Government representatives from more than 190 countries, under the watchful eyes of gun control advocates such as Amnesty International and the Control Arms Coalition, are currently in negotiations at the United Nations headquarters in New York to hammer out the terms of the first UN Arms Trade Treaty (ATT). The treaty is supposed to fill the gap caused by the absence of commonly agreed international standards for the transfer of conventional arms, including guns, and their diversion to the illicit market.
Negotiators are working feverishly towards completing their work so that a treaty will be ready to be signed by the end of this month. Secretary of State Hillary Clinton may be in New York for the occasion.
Things got off to a curious start as the Palestinians tried to take a short-cut towards achieving upgraded UN member state status by attempting to be seated as a full-fledged state party to the treaty negotiations. The gambit did not work, but the Palestinians did secure a seat in the front row of the conference room where talks on the treaty are taking place. And the Palestinians' patron Iran was elected to a vice president position on the 15-member executive committee steering the talks.
After that inglorious beginning, the talks began in earnest. Some of the talks are being held behind closed doors. Other meetings, including a plenary session that I attended, are open to the press. Documents compiling member state comments as well as working committee chairman drafts are periodically circulated among the participants.
One such working draft of possible treaty language, dated July 14, 2012, tried to assuage the concerns of gun rights proponents, particularly in the United States, that the treaty would interfere with their constitutional right to keep and bear arms. It did so by affirming in its preamble "the sovereign right of States to determine any regulation of internal transfers of arms and national ownership exclusively within their territory, including through national constitutional protections on private ownership."
The problem is that preambles have no binding legal effect in a treaty or a contract. Thus, the disclaimer is legally meaningless. What counts are the operative provisions within the body of the document. The proposed treaty language does not clearly define its jurisdictional limitation to covering only exports and imports between and among the member states. It could be interpreted as requiring regulation and control of the domestic possession and sale of firearms if there is any chance, no matter how remote, that such firearms could be, in the words of the draft text, "diverted" to "unauthorized end users."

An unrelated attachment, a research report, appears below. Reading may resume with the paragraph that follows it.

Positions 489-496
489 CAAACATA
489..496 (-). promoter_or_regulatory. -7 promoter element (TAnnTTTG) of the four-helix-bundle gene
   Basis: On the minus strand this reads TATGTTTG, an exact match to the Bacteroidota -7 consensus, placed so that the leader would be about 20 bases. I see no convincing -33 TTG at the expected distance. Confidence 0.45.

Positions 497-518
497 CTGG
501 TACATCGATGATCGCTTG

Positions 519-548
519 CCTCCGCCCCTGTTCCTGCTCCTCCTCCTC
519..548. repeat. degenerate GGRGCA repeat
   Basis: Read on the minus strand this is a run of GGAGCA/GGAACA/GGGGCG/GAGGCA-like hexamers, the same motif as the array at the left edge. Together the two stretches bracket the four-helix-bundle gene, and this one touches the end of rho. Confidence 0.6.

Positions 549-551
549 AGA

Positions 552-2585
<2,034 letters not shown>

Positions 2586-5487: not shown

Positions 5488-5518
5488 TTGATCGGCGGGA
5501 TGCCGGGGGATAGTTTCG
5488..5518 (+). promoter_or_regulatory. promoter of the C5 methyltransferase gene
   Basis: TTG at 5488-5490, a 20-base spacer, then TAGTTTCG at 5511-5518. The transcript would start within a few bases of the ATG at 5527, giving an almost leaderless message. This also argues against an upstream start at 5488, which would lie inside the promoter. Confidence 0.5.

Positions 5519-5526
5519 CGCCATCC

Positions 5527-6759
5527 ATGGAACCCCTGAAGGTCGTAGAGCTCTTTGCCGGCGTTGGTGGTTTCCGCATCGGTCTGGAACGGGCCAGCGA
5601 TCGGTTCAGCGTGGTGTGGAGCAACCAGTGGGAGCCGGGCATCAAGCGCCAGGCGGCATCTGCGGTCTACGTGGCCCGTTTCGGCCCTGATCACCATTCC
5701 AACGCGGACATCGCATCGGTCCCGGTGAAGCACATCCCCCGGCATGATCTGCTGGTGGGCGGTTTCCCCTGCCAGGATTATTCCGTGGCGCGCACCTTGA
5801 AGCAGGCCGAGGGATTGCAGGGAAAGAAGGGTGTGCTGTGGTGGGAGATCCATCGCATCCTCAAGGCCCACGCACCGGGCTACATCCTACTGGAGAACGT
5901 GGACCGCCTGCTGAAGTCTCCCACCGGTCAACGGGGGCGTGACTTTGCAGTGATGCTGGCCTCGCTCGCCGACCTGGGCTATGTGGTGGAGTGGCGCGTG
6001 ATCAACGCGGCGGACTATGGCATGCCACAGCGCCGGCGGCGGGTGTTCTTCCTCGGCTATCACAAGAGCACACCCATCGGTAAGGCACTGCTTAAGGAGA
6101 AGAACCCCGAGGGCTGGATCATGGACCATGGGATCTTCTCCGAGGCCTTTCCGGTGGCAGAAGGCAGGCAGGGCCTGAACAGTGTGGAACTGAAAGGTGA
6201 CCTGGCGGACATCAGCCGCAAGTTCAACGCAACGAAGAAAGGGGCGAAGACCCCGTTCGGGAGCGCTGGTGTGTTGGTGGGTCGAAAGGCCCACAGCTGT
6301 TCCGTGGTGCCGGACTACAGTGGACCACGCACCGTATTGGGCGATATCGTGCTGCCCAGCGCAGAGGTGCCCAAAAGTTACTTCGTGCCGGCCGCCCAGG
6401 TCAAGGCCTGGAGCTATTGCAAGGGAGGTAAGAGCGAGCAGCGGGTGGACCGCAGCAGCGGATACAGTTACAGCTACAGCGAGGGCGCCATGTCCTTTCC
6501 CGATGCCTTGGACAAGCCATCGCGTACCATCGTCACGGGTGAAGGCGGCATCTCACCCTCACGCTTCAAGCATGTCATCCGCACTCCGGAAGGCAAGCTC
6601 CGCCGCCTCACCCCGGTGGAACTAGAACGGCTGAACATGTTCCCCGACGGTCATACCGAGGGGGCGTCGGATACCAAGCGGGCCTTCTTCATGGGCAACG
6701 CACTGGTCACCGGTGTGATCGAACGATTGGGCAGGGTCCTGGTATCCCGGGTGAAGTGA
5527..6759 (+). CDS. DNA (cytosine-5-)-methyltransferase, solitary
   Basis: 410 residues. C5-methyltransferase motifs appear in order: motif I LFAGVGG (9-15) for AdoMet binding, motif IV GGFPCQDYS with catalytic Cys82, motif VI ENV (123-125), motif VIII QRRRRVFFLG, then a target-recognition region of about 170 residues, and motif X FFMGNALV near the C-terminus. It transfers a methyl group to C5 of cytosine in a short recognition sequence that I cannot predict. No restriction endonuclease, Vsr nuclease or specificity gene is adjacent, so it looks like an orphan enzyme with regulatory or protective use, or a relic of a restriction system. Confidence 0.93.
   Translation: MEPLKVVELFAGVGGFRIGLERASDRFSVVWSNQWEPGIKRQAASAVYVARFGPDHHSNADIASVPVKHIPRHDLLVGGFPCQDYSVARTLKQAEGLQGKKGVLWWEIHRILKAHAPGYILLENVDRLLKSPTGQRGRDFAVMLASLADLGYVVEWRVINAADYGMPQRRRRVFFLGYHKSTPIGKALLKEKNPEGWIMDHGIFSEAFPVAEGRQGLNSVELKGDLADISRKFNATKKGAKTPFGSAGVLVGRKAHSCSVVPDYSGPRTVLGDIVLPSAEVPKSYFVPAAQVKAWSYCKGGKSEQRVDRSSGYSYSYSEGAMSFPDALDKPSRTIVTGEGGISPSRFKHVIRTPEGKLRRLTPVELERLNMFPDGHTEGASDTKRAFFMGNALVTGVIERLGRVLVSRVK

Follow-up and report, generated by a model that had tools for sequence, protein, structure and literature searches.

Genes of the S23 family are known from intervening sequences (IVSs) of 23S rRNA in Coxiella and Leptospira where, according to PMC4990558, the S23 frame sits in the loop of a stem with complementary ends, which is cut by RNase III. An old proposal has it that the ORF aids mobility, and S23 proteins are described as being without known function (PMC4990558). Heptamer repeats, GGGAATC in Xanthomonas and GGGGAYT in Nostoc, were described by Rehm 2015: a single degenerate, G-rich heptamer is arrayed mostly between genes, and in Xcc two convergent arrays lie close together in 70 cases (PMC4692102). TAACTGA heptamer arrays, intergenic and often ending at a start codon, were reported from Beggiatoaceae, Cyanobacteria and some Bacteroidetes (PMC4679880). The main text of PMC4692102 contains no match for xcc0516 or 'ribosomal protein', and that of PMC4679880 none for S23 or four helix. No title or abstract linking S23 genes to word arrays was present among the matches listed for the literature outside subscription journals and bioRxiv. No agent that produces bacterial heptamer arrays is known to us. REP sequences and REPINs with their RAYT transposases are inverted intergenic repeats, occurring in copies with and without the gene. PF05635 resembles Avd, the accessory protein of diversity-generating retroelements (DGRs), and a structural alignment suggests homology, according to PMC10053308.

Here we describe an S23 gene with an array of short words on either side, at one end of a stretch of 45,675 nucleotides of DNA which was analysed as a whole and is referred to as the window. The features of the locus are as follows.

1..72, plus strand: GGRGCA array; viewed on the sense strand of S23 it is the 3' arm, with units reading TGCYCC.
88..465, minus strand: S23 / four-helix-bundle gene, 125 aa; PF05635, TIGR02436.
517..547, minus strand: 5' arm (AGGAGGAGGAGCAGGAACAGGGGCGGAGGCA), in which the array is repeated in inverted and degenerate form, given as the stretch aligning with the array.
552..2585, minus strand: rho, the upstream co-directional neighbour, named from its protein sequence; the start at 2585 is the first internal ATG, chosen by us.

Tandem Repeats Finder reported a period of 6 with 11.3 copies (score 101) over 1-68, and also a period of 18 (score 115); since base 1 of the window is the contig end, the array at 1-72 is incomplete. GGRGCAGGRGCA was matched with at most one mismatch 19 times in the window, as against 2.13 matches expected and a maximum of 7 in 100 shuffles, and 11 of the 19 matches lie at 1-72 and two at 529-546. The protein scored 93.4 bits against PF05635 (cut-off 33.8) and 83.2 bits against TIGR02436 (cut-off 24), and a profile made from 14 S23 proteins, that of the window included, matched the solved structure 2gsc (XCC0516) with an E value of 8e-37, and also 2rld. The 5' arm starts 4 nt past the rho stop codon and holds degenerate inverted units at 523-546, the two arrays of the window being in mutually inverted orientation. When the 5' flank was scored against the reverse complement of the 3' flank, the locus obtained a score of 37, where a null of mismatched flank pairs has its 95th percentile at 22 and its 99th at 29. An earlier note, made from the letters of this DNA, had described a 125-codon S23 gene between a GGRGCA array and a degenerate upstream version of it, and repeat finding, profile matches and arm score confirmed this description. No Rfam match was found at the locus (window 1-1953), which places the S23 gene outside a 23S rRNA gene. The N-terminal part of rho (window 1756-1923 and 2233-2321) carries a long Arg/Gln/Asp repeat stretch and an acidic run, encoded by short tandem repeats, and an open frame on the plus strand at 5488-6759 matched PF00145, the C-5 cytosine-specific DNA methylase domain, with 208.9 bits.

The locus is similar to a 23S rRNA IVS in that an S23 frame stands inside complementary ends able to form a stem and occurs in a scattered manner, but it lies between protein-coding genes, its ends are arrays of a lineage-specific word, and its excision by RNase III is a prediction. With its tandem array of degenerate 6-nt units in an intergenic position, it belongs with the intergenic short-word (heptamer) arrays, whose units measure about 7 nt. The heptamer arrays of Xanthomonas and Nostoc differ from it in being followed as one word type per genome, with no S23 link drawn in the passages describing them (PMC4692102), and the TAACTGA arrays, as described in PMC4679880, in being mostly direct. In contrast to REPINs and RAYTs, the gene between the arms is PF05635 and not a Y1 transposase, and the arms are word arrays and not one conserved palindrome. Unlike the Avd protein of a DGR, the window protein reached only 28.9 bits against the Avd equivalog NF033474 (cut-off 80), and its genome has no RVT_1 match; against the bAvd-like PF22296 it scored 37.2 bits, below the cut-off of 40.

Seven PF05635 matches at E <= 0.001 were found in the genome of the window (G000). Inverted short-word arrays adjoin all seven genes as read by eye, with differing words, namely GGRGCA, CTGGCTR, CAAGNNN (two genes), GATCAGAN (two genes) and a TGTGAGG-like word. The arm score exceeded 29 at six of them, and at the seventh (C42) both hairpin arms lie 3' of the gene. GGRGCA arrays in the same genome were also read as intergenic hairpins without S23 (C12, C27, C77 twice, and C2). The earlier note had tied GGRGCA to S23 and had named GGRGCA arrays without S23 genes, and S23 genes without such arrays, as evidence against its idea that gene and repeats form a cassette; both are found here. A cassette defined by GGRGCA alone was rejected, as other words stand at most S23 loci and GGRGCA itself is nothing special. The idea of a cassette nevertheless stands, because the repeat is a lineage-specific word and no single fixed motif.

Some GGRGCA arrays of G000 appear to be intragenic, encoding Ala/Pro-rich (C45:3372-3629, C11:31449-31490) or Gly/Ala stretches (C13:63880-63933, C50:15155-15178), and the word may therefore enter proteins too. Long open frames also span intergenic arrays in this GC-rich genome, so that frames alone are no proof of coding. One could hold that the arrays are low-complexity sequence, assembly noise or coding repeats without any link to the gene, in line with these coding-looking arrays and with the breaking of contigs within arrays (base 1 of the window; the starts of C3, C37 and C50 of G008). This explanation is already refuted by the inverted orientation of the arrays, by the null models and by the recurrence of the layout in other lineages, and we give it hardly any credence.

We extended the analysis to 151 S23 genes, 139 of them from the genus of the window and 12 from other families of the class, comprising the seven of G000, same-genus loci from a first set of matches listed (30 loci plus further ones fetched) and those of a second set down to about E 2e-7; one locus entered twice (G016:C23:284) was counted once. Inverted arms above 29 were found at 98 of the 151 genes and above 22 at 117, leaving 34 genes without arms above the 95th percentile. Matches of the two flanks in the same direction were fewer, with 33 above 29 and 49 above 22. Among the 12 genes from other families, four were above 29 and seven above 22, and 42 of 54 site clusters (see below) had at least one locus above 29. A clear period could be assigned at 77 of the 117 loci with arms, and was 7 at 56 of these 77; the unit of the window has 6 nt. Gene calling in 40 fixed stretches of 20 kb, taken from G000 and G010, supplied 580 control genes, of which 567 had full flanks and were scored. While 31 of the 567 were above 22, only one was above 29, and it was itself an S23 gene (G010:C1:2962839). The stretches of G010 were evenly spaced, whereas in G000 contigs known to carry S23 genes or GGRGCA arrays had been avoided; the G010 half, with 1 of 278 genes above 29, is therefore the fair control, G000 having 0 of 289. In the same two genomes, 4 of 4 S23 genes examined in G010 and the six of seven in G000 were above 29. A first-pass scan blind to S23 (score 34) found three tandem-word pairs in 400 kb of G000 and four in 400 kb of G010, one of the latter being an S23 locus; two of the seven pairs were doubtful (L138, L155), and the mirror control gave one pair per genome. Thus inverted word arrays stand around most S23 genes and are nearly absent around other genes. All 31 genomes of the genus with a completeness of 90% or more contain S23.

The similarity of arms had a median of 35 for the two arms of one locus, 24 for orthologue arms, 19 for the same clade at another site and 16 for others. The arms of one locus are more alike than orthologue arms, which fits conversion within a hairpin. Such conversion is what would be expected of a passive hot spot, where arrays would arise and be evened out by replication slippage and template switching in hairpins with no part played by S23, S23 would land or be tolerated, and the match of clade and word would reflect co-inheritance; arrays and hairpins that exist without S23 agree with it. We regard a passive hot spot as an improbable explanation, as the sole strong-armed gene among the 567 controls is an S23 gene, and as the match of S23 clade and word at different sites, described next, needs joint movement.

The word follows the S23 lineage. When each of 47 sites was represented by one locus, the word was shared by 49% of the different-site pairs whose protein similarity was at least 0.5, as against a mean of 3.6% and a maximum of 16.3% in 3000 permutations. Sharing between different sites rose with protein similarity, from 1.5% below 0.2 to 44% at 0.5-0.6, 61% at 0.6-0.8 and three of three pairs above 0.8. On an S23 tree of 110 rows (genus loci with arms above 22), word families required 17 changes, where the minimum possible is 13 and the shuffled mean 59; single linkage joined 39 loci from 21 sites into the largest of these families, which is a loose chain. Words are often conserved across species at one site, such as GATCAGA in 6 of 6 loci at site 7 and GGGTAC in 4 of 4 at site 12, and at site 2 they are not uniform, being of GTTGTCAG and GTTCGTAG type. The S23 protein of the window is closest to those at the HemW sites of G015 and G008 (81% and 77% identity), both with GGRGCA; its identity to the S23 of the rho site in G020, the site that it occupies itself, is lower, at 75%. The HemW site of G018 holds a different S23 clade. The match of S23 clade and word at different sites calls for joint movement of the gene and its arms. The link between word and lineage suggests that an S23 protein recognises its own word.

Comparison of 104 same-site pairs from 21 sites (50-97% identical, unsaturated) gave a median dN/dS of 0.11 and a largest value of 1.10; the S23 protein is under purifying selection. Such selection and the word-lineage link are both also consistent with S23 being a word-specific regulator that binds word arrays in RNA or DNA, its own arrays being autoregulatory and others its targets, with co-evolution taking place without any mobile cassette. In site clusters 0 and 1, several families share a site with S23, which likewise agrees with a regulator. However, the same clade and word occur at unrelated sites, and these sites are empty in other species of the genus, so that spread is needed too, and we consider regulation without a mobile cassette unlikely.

In practical terms, in order to ensure against such diversions to unauthorized users outside the United States in violation of the UN treaty, the federal government would need to impose very rigorous regulations and controls on the possession and sale of all guns, together with registration, detailed record-keeping on U.S. gun ownership and surveillance of the whereabouts of privately owned firearms at all times. The treaty could end up giving foreigners access to the records of American gun owners.
Ironically, the Obama administration can be expected to use the results of its own horribly botched Fast and Furious escapade, which led to the unaccounted for diversion of weapons that government agents were supposed to track on the way to Mexican cartels, as justification for strict regulations imposed on gun possession and sale by private individuals within the United States.
Moreover, while the proposed treaty deals primarily with military-type conventional weapons such as tanks, military aircraft, naval vessels and missiles, the category of "small and light weapons" is a different story. The language proposed in the July 14th working draft does not limit this category to weapons intended and designed for military use. In other words, the UN treaty would extend its reach to guns manufactured and used solely for civilian purposes. Attempts by a few member states to insert a proviso in the operative provisions of the treaty to make clear that its scope is limited to small and light weapons intended only for military use have met major resistance. Regulation of ammunition is also included within the scope of the current draft treaty language.
In addition to imperiling individual freedoms of Americans under the Second Amendment to keep and bear arms, the treaty language as currently drafted could imperil America's vital interests. For example, the treaty could preclude the United States from transferring weapons to help states fight terrorists, on the grounds that the weapons would be helping the states commit alleged human rights violations against "resistance fighters." This will surely be the charge leveled against U.S. transfers of arms to Israel, for example.
Regardless of the consequences to Americans' constitutional freedoms and national security, the Obama administration appears ready to go along with the treaty. It is yet another example of President Obama's willingness to outsource American foreign policy and individual liberties to the United Nations.
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